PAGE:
What users hate about IT at work (and how to fix it)

Most office workers spend over 5 hours a day at their computer, and even more working through mobile devices.  When your work day revolves so much around your computer experience, it’s obvious that it’s key factor in workplace satisfaction and in daily productivity.   So we’ve looked around the internet to get an understanding of what the key frustrations are, and married it to feedback we get from our clients.   So this is far from scientific, but we reckon it’s worth a moment of reflection

Basic or Old Equipment


When your home computer is streaks ahead of your work one, it’s not going to go down well!  Old slow machines, with older versions of Windows or Office or any other tools aren’t going to encourage staff.   Nice keyboards, dual screens, lightweight laptops and tablets all contribute to the experience, and while they won’t encourage a user back to their desk after a coffee break – the opposite is true – poor gear will discourage a user from getting back to work and getting on with their tasks after a break.   If the gear is too slow or unreliable, it can become an accepted excuse for poor performance.

Mobiles and Smart Phones


This one is tricky – if a business supplies their staff with a phone, then it’s pretty unlikely it’ll suit everyone – some staff want an iPhone, some want a Android – and they almost always want a model that’s different to the one the business supplies.   Maybe you strike a deal and the staff member uses their own phone.  That means that when they change phones, or leave the business,  access has to be changed, and maybe specialised apps have to be removed.   That’s where something like KARE for Mobile helps.

(not) Working WiFi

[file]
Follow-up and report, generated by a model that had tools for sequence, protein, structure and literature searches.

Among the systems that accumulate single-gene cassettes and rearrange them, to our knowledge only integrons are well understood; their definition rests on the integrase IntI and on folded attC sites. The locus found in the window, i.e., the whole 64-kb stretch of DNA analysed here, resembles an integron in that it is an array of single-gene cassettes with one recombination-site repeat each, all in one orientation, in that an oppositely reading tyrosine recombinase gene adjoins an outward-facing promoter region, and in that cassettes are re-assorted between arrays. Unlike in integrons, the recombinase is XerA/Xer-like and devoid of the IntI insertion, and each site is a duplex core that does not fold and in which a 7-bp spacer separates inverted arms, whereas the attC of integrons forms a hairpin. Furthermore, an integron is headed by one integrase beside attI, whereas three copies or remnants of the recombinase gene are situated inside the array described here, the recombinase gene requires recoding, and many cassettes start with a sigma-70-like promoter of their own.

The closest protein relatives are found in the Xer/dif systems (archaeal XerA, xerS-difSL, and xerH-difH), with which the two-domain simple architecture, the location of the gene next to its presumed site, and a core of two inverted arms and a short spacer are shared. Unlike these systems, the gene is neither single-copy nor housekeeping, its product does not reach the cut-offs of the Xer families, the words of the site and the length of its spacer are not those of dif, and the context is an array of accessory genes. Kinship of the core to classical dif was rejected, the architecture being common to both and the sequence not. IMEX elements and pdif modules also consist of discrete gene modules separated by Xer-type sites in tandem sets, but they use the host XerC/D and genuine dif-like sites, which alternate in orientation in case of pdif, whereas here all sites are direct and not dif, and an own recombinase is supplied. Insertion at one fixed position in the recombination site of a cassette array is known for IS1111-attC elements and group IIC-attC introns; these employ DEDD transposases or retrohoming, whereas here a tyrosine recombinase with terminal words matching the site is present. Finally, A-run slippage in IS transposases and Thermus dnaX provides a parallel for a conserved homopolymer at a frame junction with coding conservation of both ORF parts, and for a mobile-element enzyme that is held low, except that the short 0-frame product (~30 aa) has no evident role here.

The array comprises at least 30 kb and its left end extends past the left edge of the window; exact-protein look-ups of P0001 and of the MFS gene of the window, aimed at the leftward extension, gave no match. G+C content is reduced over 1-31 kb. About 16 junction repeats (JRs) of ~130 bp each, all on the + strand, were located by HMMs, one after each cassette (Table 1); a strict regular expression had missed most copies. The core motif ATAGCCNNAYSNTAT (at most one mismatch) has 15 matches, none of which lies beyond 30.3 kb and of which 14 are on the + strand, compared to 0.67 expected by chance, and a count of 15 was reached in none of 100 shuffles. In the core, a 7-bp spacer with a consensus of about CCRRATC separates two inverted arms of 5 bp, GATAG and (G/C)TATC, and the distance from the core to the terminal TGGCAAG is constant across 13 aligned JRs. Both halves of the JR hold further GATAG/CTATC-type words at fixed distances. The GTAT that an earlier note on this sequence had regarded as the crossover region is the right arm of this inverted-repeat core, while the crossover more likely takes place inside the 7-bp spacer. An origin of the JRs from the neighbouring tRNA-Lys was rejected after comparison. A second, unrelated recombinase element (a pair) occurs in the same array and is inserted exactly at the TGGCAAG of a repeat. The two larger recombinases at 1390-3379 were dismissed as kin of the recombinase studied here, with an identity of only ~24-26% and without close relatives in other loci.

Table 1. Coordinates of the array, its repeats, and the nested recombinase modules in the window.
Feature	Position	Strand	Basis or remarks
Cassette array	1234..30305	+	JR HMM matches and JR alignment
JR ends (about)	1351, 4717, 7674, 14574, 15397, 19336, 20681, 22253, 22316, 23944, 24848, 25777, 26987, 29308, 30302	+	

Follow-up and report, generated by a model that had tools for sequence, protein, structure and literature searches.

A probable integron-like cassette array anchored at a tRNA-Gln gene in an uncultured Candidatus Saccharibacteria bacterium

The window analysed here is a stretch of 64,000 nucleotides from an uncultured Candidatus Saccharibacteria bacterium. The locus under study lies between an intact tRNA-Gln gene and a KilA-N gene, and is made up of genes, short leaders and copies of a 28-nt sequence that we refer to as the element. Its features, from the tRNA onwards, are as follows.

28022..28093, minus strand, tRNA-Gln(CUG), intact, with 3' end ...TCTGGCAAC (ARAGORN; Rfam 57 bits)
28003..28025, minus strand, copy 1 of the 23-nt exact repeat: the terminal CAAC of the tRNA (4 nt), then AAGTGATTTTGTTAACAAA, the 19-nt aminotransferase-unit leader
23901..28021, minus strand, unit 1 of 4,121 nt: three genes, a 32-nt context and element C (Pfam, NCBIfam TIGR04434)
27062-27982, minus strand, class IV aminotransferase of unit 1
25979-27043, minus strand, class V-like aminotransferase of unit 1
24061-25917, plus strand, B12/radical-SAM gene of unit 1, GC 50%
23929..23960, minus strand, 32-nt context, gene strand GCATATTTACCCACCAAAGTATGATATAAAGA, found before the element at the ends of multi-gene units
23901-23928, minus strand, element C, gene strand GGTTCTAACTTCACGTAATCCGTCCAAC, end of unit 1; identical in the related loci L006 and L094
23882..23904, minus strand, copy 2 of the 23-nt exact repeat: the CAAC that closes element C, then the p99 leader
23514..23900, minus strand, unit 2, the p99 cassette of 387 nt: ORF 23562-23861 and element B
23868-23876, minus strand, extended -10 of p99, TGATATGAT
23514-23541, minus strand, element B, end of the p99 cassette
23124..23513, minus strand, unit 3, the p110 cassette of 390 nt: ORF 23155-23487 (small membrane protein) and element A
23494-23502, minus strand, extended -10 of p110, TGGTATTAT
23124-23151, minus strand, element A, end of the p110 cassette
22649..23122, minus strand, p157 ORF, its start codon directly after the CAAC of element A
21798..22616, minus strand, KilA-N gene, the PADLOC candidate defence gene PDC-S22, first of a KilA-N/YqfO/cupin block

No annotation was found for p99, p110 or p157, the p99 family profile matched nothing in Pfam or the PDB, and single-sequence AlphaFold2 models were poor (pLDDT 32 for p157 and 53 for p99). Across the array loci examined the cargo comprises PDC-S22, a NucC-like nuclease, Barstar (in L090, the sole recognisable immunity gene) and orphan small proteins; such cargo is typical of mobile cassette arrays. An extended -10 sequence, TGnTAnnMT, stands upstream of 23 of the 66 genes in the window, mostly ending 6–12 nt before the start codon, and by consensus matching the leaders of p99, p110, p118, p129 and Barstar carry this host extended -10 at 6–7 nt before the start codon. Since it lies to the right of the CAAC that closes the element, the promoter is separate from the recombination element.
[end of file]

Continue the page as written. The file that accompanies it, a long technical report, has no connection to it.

If your staff do bring their own devices to work, they’ll want to connect to your WiFi.  It’s hugely frustrating for them when they can’t.  Contributing factors include

  • difficult passwords or access codes
  • not enough WiFi coverage
  • slow or over-subscribed (saturated) wireless points

Some of these can be managed with tools like KARE for Mobile that push out the WiFi configuration.  Others simply need review from time to time.  More staff with more devices does increase the load on your WiFi and if your WiFi is much the same as it was a couple of years ago, then in probably won’t be sufficient

un-Helpful help


IT guys, like most people, just want to get the job done.  They see the technical problem, but they don’t always see the human one and show empathy.  We’re forever drumming in the message to our team that they have to help the person as much as fix the problem, but it’s a hard one and we’re forever pushing the message.   It gets worse on really busy days when there’s mounting pressure, tempers are short and deadlines looming.

Users need help on their timetable – IT is an enabler of other work roles, and as such IT has to support those roles and their timelines.  Easy to say, and really hard to do!

Out of Paper


It always seems like it’s my turn to empty the dishwasher.  I know its not true, but it seems disproportionally often that I go to put my cup in the dishwasher only to find it’s just finished a cycle,  and now needs to be emptied.   Same with the coffee machine – it seems that the milk needs topping up or the grinds need emptying whenever I go to use it!  The printer is much the same, and although they aren’t used as much these days, the ink and paper still need to be refilled.  It’s not beneath anyone – it just has to be done.   There are all sorts of jobs like this in the office, from lightbulbs that need replacing to leaky taps in the kitchen or bathroom.   I reckon helpdesk software doesn’t just have to log IT jobs but it can also log and assign other jobs as well.  If you need a helpdesk, they are easily setup, using tools like SharePoint.